written by Brian Yaeger
The marionberry was crossbred from two blackberries in Oregon in 1956. In 1985, McMenamin’s Hillsdale Brewery created not just Oregon’s, but America’s first post-Prohibition fruit beer made with wild blackberries that were climbing up the pub’s fence. So naturally in writing about fruit beers I’m going to focus on those made with kumquats.
Yeah, that’s quite a stretch and an odd topic at all considering how precious few kumquat beers exist. Still, if anywhere is poised to become the kumquat beer capitol of the world, it’s Oregon. And you probably didn’t even know they grow here. Thanks, Frasier Creek Farm’s Brian Parks.
Let’s begin with an introduction to the kumquat. It is perfectly reasonable, even among kumquat’s quasi cognoscenti, if you have never tried one. Picture an orange the shape and size of a grape. Then picture biting into it—peeling the thin skin takes some effort and eating it whole is perfectly acceptable and helps temper its pucker. The sour factor makes sucking on a Lemonhead seem like eating a Creamsicle. It’s a citrus-like fruit too intense for some folks. For others, such as Parks (and myself), the puckering appeal is insatiable. Upping the ante, Parks also grows Calamondin—a hybrid Mandarin orange citrus fruit and a kumquat citrofortunella that can knock even tart-loving kumquat eaters’ palates for a puckering loop.
Parks is a self-described “horti-nerd.” His childhood was filled with all manner of citrus trees in his grandmother’s Pasadena, California neighborhood. He took cuttings and rooted them in his Texas home. One such kumquat tree made its way with him to Corvallis when he enrolled at OSU to study horticulture in 1993, where it found its forever-home on his family farm in 2002. “Citruses do really well here,” said Parks, somewhat surprising me. “As long as you keep it from freezing, it is a fairly easy crop. Insects can be problematic when they are in a greenhouse, but frequent washing and paraffin oil are 100 percent effective if you keep up with it.”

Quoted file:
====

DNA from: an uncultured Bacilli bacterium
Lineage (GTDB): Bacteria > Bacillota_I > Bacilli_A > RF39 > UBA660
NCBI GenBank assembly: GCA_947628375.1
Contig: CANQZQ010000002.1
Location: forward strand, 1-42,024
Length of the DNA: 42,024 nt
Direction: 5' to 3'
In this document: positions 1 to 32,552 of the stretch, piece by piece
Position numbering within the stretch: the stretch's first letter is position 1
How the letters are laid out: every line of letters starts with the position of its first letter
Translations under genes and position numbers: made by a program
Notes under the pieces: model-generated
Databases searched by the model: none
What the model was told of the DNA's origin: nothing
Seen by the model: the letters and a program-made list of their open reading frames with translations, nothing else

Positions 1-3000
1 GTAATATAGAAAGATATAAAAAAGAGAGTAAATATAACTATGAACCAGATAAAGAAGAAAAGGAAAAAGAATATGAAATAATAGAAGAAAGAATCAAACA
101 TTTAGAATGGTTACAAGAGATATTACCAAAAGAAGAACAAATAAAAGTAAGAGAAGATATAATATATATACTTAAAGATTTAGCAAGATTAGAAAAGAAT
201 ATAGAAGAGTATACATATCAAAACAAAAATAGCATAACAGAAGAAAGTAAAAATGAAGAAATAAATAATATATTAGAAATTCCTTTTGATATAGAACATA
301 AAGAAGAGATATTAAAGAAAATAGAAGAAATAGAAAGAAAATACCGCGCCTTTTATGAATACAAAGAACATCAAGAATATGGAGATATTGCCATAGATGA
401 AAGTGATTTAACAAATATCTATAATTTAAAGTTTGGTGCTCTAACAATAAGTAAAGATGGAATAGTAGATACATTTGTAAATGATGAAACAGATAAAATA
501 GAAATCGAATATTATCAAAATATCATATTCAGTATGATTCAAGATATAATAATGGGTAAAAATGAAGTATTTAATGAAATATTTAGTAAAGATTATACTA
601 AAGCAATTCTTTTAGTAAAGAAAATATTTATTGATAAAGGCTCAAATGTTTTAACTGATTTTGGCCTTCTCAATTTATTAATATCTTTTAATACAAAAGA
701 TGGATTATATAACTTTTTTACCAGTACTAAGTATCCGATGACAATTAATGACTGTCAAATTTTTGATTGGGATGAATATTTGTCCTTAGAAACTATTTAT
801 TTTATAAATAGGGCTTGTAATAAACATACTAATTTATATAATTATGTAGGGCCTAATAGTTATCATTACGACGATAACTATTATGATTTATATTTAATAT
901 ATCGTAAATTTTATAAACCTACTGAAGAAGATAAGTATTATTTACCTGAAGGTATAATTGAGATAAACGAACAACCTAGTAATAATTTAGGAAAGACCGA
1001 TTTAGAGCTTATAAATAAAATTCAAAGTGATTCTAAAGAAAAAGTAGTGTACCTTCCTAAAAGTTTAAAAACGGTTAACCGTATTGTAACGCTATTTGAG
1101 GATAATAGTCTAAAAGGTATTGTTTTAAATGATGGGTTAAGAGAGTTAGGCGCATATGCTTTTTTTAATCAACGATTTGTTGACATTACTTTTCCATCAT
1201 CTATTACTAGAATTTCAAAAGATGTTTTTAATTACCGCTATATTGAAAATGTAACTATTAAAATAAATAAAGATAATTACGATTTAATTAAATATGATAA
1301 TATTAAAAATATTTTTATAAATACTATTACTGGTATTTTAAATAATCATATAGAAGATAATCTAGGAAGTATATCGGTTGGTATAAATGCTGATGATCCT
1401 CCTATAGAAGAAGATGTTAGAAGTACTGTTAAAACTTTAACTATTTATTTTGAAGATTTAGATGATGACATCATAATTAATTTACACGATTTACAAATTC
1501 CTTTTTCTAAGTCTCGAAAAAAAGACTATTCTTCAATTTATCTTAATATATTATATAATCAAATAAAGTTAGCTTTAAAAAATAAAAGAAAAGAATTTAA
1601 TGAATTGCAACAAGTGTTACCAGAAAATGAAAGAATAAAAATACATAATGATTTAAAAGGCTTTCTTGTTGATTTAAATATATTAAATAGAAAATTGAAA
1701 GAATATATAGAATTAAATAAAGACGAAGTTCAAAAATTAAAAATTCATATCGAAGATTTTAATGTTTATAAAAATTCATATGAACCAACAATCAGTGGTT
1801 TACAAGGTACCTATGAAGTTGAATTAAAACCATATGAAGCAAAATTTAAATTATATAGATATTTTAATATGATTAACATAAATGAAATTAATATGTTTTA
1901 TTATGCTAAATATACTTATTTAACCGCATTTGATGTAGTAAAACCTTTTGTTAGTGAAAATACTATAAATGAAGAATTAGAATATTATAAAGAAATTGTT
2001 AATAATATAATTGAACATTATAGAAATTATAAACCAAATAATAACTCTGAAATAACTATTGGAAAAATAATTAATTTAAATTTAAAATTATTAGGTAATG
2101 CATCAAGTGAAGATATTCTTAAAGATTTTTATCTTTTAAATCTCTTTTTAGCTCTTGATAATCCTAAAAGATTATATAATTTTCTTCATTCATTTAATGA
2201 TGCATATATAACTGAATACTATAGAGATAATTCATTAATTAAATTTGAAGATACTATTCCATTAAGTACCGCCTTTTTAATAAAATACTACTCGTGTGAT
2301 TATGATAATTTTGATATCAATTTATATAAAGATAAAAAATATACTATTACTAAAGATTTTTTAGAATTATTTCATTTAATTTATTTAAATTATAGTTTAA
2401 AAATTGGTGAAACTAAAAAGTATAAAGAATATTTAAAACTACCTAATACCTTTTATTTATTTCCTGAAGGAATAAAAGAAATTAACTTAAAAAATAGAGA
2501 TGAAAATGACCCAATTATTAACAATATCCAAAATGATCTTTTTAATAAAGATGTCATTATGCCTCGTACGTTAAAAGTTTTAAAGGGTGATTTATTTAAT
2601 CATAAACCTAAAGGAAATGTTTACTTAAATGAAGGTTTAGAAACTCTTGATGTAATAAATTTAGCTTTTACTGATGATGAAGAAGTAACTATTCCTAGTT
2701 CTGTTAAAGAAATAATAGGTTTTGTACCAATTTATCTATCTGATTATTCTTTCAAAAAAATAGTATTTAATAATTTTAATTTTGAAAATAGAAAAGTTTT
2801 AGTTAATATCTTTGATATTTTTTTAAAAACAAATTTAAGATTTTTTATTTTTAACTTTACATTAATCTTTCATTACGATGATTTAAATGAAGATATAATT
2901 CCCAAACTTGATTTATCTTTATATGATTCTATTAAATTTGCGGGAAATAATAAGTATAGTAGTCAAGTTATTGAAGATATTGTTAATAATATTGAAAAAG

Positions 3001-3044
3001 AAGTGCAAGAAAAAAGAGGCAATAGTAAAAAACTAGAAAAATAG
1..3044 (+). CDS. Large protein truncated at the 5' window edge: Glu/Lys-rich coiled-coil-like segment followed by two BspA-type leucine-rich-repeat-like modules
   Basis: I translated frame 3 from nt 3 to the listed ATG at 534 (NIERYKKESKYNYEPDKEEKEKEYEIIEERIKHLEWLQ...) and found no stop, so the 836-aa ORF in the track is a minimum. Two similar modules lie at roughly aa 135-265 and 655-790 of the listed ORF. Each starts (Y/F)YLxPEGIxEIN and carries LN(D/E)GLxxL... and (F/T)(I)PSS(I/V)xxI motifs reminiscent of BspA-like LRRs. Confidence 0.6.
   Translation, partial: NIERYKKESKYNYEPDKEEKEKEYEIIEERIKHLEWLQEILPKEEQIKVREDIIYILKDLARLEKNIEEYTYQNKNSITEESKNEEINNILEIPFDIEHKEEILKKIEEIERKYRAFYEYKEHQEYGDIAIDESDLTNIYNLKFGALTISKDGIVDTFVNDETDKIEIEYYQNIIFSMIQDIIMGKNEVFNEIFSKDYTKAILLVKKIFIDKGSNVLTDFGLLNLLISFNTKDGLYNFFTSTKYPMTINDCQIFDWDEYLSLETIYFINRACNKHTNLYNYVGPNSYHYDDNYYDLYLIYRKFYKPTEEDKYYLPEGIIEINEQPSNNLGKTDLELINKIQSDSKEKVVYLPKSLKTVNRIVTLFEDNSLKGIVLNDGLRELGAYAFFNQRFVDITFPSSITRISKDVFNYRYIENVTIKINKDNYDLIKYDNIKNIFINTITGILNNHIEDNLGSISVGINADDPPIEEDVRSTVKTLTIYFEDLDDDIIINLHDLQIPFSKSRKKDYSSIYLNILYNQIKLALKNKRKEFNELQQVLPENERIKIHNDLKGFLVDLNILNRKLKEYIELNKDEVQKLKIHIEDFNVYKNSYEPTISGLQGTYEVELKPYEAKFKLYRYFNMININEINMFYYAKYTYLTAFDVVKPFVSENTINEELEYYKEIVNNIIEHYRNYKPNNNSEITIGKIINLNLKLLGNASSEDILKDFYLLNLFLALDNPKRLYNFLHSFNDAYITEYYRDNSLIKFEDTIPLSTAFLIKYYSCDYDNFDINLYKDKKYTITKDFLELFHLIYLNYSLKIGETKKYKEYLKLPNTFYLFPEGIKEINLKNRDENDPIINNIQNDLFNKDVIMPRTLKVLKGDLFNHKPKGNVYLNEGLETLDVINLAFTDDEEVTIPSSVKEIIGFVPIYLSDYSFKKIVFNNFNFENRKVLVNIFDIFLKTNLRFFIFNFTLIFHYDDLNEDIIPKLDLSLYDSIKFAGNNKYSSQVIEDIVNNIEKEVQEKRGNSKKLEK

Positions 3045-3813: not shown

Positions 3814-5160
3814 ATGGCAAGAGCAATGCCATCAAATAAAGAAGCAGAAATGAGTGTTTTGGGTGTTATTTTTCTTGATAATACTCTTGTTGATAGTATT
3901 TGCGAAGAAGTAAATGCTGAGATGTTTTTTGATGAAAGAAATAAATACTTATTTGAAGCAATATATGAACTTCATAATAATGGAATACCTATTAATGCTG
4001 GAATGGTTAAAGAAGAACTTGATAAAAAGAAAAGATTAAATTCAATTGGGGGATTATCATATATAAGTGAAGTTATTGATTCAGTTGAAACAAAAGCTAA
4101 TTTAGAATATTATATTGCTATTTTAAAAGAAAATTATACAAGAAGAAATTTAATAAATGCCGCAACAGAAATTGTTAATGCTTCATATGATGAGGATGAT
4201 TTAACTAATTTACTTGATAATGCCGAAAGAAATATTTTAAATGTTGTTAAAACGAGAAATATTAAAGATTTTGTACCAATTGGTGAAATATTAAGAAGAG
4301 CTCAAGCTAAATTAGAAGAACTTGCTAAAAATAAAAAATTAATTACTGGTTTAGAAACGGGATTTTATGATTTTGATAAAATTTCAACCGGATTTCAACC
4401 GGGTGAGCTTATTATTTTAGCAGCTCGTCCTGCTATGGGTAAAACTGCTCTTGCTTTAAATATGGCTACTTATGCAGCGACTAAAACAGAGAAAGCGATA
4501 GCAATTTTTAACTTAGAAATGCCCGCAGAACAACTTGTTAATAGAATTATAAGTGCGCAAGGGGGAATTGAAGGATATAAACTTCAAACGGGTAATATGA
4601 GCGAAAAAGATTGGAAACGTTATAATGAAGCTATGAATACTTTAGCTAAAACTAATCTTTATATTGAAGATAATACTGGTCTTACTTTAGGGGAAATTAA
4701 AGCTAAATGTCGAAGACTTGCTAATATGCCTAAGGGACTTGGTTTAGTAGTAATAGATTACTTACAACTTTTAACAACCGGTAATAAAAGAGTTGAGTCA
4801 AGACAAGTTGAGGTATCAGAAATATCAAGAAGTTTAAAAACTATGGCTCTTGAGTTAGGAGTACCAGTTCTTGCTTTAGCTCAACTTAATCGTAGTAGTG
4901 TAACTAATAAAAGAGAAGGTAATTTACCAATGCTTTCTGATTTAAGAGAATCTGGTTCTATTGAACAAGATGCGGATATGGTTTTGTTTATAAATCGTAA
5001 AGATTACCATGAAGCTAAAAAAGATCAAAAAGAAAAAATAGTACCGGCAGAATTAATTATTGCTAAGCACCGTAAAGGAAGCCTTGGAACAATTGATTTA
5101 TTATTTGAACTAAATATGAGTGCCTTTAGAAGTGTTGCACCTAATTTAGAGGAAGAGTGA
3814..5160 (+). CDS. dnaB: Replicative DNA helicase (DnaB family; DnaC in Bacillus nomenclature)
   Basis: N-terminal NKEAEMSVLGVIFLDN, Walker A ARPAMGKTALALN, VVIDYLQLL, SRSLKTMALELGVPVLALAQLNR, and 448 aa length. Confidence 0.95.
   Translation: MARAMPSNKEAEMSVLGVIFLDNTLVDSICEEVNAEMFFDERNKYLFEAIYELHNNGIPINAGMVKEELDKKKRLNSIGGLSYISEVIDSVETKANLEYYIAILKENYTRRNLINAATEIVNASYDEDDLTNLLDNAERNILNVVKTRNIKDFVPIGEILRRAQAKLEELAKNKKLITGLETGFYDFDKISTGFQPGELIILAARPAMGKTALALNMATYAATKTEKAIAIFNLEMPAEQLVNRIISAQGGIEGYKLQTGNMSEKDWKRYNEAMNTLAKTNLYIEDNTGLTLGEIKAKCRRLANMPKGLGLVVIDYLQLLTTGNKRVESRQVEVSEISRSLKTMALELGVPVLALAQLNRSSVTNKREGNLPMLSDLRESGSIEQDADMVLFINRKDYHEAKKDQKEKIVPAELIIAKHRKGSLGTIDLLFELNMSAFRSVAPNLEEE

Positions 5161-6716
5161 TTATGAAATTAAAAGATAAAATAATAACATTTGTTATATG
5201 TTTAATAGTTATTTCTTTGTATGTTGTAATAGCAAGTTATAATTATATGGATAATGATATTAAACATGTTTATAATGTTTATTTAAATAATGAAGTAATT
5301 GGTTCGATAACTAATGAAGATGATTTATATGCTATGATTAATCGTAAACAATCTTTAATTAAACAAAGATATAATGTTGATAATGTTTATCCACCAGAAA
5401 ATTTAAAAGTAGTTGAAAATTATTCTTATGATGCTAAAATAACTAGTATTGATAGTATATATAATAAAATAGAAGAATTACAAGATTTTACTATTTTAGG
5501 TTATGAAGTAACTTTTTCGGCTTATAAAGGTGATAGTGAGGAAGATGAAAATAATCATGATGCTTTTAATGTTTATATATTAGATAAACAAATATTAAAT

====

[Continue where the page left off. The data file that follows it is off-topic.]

Those in the know in central Willamette Valley are able to source fresh, greenhouse-grown Meyer lemons, Kaffir limes, and both Nagami and Meiwa kumquats. You want Buddha’s hands citron, Portuguese Yen Ben lemons, Indio Mandarinquats or Italian Sanguinelli blood oranges? Parks’ your farmer. But don’t actually visit Frasier Creek Farms. “Currently, I sell everything to the Market of Choice,” said Parks. Fortunately for us, he’s not just in the fresh produce game. Parks is also selling his fruits to sour beer makers. “Having it go to beer is so much more special,” he added. “I have a large, sour orange tree that has grown from seed. It would make an amazing addition to a beer or mead.”
The mention of mead—wine made from honey—is important because his first customer wasn’t a brewery but neighbors in Corvallis at Nectar Creek Mead. “We had been experimenting with different citrus to make a mead … since before we ever started commercial production,” said Nectar Creek’s Nick Lorenz. He and his brother Phil source their honey and other raw ingredients from the Willamette Valley, so locally-grown citrus—kumquats in particular—were featured in their Reserve Batch #2, a sweet yet citrusy carbonated mead that has most likely disappeared from shelves now that a year has gone by.
Corvallis brewery Flat Tail procured kumquats from Frasier Creek and used them to make an impeccable sour beer: a Belgian-style Witbier (meaning it contains orange peel as a spice) soured with the brewery’s unique house strain of wild Brettanomyces. Flat Tail allowed to sour the beer while aging in a barrel, and then blended in the kumquats, resulting in complementary sour notes.
With the sour beer trend in full swing, Oregon fruit beers are likely to keep expanding beyond the usual berries and cherries. Bless the Belgians for giving us framboises and krieks (cherry beers) in the first place. But this is Oregon; the land of Kumquat beers.